An additional mention of the study site may be included in the Introduction or in Methods.
The Methods section describes the research methods and the justification for using the chosen methods. This section delves into the details of the experiment. It is usually written in past tense.
How did you study the problem?
What materials, subjects, or equipment did you use to conduct the research? Some papers have a subheading called Materials.
What steps did you take? Procedures are usually labeled chronologically or by the type of procedure.
The Results section describes what the investigators observed in the experiment or procedure. This section answers the question, “What did you observe?” The main results are reported and supported by data. Results should include both representative (most common) and best case (the ideal or exception).
Some experts recommend ordering multiple results from most important to least important, from simple to complex.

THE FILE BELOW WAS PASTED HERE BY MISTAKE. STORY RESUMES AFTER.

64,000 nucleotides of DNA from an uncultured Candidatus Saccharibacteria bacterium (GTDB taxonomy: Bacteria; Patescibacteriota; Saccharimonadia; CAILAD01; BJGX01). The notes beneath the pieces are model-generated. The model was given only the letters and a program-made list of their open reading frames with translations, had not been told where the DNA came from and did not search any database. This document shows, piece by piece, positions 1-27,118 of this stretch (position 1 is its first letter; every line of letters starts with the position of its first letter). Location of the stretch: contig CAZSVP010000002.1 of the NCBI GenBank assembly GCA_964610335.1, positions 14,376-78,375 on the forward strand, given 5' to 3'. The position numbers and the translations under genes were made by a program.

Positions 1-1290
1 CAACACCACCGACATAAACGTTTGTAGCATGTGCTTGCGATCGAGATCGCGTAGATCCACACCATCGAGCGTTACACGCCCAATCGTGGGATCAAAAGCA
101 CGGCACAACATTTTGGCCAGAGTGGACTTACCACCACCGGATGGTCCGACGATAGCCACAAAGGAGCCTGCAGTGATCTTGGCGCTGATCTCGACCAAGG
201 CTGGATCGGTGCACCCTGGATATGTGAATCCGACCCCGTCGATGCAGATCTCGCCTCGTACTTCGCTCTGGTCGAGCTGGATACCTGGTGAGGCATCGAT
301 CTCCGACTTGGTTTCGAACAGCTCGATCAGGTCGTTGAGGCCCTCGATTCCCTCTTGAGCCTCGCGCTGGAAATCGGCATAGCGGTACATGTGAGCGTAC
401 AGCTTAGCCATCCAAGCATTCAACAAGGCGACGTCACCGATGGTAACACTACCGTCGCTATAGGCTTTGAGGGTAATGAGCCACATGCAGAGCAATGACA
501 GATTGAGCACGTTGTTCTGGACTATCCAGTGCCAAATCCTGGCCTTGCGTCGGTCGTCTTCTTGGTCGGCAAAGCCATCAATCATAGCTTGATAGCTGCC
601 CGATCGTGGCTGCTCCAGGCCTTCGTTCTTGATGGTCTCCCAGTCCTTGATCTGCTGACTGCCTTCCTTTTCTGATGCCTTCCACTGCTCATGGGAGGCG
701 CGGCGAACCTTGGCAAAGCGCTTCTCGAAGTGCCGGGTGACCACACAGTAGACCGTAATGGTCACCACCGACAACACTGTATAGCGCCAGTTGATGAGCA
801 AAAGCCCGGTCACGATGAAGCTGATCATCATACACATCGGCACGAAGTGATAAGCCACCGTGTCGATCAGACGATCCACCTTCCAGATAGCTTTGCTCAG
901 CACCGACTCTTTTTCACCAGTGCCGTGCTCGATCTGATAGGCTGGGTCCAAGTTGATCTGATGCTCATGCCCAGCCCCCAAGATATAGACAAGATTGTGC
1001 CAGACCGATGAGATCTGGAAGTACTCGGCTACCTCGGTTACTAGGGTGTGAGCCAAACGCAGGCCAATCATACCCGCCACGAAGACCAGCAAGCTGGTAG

The Results section is not the place to interpret the results; it is where selected data are used to answer the research question.
The Discussion section answers the questions, “What does it mean?” and “So what?” It is where the reader explains the results of the study, reports whether the objective was achieved, and shares the limitations of the research. This section explores the patterns, principles, and relationships that were uncovered in the course of the research. It also compares and contrasts the results to those in prior research and literature.